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Sexuality is polymorphous. It has to be. This is because — rightly or wrongly — it often faces rigid repressive structures that it can only outflank by changing its forms and pouring its energy in new directions.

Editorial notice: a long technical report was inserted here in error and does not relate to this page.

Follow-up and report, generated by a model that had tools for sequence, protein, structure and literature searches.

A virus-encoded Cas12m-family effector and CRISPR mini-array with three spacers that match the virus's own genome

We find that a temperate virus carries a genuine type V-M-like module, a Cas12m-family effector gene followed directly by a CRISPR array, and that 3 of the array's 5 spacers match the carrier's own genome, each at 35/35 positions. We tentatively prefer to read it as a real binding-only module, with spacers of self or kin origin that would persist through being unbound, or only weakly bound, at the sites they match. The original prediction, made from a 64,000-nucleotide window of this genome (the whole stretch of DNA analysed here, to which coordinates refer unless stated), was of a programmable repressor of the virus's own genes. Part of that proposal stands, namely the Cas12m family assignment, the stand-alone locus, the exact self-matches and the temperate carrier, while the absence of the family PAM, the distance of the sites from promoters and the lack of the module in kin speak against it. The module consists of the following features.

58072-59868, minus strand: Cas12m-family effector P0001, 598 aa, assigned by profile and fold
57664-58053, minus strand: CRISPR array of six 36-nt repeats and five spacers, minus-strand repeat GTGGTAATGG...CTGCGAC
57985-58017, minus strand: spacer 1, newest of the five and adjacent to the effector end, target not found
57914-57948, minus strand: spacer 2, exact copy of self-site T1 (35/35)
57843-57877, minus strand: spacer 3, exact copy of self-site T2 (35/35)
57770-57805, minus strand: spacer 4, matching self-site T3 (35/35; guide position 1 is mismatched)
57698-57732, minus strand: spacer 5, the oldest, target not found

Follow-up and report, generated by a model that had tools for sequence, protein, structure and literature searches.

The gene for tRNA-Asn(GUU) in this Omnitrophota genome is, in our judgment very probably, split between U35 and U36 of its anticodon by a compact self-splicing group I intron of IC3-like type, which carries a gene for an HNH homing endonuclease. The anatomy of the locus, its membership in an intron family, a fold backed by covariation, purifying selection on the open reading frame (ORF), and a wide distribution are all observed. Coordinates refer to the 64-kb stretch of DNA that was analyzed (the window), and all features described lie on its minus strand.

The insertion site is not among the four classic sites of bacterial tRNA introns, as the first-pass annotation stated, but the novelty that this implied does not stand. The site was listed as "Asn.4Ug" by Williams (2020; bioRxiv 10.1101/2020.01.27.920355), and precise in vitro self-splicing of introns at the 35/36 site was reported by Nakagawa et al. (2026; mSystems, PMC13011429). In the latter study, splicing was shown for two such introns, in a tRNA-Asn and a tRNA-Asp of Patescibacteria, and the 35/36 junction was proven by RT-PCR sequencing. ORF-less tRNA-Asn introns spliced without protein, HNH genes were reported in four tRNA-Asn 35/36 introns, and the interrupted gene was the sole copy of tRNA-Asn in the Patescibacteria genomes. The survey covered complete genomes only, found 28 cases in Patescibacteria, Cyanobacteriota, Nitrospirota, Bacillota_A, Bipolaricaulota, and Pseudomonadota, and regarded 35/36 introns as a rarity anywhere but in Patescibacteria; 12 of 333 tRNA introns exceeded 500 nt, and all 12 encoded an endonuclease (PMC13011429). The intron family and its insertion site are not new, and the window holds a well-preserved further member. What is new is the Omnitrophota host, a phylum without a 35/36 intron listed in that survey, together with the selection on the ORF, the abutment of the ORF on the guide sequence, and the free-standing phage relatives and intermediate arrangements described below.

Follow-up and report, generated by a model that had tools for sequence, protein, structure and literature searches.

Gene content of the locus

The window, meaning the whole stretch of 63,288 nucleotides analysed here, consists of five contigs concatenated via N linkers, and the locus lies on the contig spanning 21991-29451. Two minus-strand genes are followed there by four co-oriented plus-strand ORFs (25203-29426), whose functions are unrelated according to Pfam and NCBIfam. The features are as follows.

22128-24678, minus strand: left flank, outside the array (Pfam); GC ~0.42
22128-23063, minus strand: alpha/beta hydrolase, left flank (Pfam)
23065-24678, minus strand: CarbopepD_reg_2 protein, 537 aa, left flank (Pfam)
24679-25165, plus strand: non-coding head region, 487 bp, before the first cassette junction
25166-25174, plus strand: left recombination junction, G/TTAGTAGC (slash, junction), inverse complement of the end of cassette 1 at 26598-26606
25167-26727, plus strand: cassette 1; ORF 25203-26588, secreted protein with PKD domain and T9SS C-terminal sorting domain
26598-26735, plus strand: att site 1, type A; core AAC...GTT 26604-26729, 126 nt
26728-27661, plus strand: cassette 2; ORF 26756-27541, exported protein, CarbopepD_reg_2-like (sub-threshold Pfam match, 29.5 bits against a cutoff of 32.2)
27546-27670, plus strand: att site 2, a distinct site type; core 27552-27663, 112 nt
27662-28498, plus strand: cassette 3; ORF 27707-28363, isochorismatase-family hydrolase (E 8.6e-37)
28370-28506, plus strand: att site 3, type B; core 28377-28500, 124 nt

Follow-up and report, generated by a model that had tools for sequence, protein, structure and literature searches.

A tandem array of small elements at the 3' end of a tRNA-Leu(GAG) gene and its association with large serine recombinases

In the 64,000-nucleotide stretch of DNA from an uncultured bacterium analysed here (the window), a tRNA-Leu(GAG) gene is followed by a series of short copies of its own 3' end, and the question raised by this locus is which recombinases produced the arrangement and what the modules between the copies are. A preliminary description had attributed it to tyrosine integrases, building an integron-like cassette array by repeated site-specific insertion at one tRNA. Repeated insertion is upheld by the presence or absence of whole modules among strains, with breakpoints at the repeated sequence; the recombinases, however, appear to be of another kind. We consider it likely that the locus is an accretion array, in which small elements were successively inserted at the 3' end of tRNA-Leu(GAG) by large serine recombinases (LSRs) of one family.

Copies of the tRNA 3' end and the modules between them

Sigmund Freud wrote about artistic creation as the sublimation of sexual drives into forms far removed from their original motive power. But art has also provided a convenient license to those who didn’t want to sublimate their sexuality, choosing instead to parade it beneath the thinnest of veneers. Even in what we consider the prudish Victorian era, artists could get away with salacious, full-frontal nudity — as long as they gave it a pleasant classical or mythical name.

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